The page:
USCG Cutter Maple Commander Removed For ‘Poor Command Climate’
The commander of the Sitka-based Coast Guard cutter Maple has been temporarily removed from command after officials received reports of problems on board.
Lt. Commander Fred Seaton had held the top slot on the Maple since June of 2012. On September 20, the Coast Guard opened an investigation after receiving reports of a “poor command climate” on the cutter, said Coast Guard spokesman Kip Wadlow. That investigation is still underway, but preliminary results prompted the district commander, Rear Admiral Thomas Ostebo, to temporarily relieve Seaton of his command, as of October 1. Seaton has been reassigned to Air Station Sitka for the length of the investigation.
Wadlow said policy prohibits him from discussing details before the investigation is complete. But he said Seaton was relieved of command because of a “lack of confidence.”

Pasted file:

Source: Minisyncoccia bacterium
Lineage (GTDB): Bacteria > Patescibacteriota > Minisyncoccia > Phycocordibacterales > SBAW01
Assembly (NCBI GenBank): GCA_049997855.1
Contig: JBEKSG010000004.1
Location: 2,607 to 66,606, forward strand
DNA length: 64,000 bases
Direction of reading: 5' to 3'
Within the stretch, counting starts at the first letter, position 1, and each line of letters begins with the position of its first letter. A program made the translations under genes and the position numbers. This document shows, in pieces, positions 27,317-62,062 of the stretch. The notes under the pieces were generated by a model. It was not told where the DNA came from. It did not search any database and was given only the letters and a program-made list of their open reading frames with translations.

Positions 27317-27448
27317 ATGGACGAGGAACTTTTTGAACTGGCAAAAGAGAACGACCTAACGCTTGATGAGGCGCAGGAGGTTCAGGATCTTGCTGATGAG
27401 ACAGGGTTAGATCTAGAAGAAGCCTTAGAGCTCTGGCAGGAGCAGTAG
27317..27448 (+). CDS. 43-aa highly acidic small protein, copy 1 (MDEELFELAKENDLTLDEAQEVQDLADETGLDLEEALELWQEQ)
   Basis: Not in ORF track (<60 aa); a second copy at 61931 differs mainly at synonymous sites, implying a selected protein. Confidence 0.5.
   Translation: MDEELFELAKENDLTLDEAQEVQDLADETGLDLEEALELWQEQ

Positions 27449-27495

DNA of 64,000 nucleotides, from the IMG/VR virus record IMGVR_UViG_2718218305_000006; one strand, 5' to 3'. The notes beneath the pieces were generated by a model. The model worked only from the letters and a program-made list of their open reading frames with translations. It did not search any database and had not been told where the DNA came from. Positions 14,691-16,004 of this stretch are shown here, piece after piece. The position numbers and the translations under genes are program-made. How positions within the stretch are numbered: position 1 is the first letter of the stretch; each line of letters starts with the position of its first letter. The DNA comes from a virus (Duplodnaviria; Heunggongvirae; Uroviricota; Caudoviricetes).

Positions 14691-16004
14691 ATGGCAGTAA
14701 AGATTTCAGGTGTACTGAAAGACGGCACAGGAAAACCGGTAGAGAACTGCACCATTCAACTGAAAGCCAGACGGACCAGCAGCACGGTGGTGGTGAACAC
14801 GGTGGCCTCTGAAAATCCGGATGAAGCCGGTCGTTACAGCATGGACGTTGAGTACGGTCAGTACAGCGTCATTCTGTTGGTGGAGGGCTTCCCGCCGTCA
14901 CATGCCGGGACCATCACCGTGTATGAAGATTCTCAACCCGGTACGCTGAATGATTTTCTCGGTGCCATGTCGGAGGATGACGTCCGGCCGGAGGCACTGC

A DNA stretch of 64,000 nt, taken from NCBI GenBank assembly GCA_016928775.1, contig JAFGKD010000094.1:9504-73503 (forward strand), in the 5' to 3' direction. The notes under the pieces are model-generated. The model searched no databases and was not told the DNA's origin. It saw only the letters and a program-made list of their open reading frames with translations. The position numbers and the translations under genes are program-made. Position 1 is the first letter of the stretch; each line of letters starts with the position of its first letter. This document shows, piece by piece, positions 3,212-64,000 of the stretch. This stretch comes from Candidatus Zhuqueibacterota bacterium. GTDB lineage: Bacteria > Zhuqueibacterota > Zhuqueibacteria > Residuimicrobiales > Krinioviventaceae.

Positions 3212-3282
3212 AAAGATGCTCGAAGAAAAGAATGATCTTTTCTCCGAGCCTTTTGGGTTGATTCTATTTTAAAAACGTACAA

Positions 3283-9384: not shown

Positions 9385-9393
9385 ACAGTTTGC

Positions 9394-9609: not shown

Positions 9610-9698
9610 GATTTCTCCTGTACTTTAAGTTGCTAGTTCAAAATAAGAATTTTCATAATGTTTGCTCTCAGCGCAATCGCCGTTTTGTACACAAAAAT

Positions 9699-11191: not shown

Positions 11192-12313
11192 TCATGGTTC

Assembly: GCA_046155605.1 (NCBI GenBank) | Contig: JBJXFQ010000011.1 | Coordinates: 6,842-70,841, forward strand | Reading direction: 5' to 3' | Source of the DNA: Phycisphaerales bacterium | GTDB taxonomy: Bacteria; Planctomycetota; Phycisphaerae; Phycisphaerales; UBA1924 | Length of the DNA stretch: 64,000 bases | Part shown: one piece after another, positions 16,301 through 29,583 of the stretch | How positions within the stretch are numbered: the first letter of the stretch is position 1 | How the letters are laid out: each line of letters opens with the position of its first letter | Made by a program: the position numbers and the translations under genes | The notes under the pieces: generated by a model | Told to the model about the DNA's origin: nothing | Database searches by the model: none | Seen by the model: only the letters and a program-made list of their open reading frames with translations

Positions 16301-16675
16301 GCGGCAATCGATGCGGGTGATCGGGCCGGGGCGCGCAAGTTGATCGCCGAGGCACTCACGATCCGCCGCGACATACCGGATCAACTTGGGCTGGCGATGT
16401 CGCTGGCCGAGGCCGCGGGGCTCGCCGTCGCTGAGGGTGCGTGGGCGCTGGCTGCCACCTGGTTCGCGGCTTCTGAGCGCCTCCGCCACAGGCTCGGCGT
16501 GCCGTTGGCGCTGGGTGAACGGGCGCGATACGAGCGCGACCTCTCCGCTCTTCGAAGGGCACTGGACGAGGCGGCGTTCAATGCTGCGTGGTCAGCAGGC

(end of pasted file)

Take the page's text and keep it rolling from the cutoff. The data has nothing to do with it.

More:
“It appears that the commanding officer of the Maple was acting in a manner that’s not consistent with the standard of conduct that’s expected of Coast Guard leaders,” Wadlow said. “Coast Guard commanders are placed in a position of high authority, and they are expected to create a positive command climate where people can come to work and they can grow professionally and they have a safe working environment.”
Lieutenant Raymond Reichl has taken over as the Maple’s temporary commanding officer. Reichl was formerly second in command, as the cutter’s executive officer.
The Maple is a 225-foot buoy tender, one of two such ships in Southeast Alaska, which maintain buoys and other navigational aids in the region between Juneau and Ketchikan. It has a crew of about 50 people.